Are you aware of the risks involved with storing flammable liquids with incompatible dangerous goods? If you’re carrying chemicals in your workplace, you must consider how incompatible classes of dangerous goods can react with your flammable liquids store. The incorrect storage of incompatible chemicals can result in violent chemical reactions that can cause casualties as well as destruction to property and the environment.
When considering storage for Class 3 Flammable Liquids, you must understand what dangerous goods they are incompatible with.
According to AS 3833-2007, there is a difference between substances that are incompatible and those that will react dangerously. We’ll highlight these differences in detail now.
Incompatible substances are those substances that are:
- Likely to increase risk to people, property and the environment when mixed or brought into contact with another substance
- Listed in the Australian Dangerous Goods Code or NZS 5433 as being incompatible
- Declared by the local regulatory authority as being incompatible
Substances That React Dangerously
Substances that will react dangerously are those substances that react in a manner that directly creates a hazard due to the reaction. This may include producing:
- Violent reaction
- Potentially explosive combination of products
- Toxic vapours or gases; or
- Fire or rapid evolution of heat
Flammable liquids must not be stored with incompatible dangerous goods that can cause a dangerous chemical reaction.
The Importance Of Chemical Segregation
Dangerous goods that are incompatible and react dangerously with flammable liquids require safe segregation. This can be achieved by storing the incompatible chemicals in separate safety cabinets or outdoor stores that are applicable for that class of dangerous goods.
One of the key functions of a Class 3 Flammable Liquids cabinet is to provide segregation from incompatible chemicals.
However, if flammable liquids and other incompatible substances are stored in a common area — without a safety cabinet or outdoor store — they must be segregated by certain distances to avoid dangerous reactions.
These distances are determined by the Australian Standard AS 3833-2007 - The storage and handling of mixed classes of dangerous goods and are explained in detail below:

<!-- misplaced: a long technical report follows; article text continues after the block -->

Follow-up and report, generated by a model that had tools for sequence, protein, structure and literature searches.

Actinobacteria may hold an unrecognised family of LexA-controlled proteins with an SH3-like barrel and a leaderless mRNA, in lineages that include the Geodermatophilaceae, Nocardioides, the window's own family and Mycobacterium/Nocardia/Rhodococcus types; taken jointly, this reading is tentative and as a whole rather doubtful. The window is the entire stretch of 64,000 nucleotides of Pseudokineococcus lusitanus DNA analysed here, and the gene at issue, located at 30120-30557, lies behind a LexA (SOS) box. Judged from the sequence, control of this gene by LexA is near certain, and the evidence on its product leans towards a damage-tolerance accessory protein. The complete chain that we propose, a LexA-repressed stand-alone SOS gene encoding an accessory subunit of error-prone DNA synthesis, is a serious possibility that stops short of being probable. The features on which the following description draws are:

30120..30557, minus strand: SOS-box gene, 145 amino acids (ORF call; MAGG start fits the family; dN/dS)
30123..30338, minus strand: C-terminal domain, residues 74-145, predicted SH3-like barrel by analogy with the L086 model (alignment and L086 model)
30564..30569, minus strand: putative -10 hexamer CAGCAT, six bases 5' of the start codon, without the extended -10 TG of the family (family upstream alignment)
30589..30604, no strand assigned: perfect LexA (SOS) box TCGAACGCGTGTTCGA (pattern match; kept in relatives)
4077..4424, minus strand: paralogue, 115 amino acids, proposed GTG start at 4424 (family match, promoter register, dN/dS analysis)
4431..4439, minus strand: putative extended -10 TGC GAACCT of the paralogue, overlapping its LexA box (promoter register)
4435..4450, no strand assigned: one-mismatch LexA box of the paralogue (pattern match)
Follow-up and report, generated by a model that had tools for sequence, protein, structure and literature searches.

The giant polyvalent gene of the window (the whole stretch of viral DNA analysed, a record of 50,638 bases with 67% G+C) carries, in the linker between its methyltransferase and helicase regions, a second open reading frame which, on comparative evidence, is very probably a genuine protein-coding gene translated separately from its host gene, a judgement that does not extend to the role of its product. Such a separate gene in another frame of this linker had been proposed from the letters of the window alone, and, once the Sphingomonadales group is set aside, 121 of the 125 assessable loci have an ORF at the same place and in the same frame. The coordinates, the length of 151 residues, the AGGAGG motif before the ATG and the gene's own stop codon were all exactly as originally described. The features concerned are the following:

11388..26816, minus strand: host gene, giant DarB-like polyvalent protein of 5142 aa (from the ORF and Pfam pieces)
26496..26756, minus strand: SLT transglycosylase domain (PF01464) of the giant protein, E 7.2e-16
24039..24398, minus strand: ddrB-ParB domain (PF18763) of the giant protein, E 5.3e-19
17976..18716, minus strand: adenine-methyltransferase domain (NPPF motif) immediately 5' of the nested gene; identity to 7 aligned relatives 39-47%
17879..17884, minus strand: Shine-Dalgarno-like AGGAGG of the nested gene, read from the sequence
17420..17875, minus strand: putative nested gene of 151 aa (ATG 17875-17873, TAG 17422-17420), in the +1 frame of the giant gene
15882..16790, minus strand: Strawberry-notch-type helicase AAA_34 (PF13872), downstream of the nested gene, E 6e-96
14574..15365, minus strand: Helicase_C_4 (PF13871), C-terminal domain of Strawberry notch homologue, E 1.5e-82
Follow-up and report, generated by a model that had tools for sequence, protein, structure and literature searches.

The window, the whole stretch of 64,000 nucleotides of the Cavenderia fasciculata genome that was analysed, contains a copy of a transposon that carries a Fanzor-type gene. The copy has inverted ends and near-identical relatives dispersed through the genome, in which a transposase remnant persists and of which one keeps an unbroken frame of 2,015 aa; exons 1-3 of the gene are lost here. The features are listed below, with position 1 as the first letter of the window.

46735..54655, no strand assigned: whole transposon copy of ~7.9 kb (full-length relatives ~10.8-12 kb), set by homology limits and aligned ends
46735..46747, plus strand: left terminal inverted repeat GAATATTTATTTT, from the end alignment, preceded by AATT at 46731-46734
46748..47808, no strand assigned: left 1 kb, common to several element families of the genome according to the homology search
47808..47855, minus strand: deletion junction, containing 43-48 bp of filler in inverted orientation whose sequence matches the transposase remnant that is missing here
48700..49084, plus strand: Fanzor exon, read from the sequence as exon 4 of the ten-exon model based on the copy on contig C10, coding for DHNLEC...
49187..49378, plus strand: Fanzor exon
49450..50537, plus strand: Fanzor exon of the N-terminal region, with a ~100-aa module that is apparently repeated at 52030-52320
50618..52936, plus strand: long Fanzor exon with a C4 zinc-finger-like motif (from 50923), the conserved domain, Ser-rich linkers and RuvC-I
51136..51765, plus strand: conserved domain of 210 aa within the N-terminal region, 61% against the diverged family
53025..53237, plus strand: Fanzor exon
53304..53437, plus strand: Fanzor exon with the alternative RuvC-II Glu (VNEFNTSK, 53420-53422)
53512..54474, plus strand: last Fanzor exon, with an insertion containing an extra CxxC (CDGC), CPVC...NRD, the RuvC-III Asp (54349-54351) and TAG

Class 2.1 - Flammable Gases
Flammable gases and flammable liquids are classed as incompatible. These classes of dangerous goods cannot be kept together. If these substances have to be stored in a common dangerous goods store, they will need to be kept apart by at least 5 metres. This will minimise the risk of the two classes of dangerous goods mixing and causing harm.
Flammable gases are incompatible with flammable liquids and must be kept segregated if kept in a common dangerous goods store.
Class 2.2 - Non-Flammable, Non-Toxic Gases
Non-flammable non-toxic gases and flammable liquids are also classed as incompatible. Class 2.2 and Class 3 dangerous goods must not be kept together. If these substances need to be stored in a common store, they will need to be kept apart by at least 3 metres.
BEWARE: some non-flammable non-toxic gases are also oxidising gases. Oxidising gases and flammable liquids will react dangerously. For more information, refer to the section below that outlines the segregation requirements for storing oxidising agents and flammable liquids in a common dangerous goods store.
Class 2.2 dangerous goods are incompatible with flammable liquids and must be kept 3 metres apart if sharing a common dangerous goods store.
Class 4.1 - Flammable Solids
Flammable solids and flammable liquids are incompatible. These two classes of dangerous goods must be kept apart during storage. If flammable liquids and flammable solids must be stored in a common store, they shall be segregated by at least 3 metres.
Even though Class 3 and Class 4.1 dangerous goods are incompatible, AS 3833-2007 gives you the provision to store these two substances in the same safety cabinet without any segregation. This only applies to indoor dangerous goods storage cabinets and not other types of stores.
Before these two incompatible substances are stored together, you must consult the Safety Data Sheets to determine the hazardous nature of each of the substances that you are seeking to store. You must then determine the level of risk of storing these two substances together by carrying out a dangerous goods risk assessment.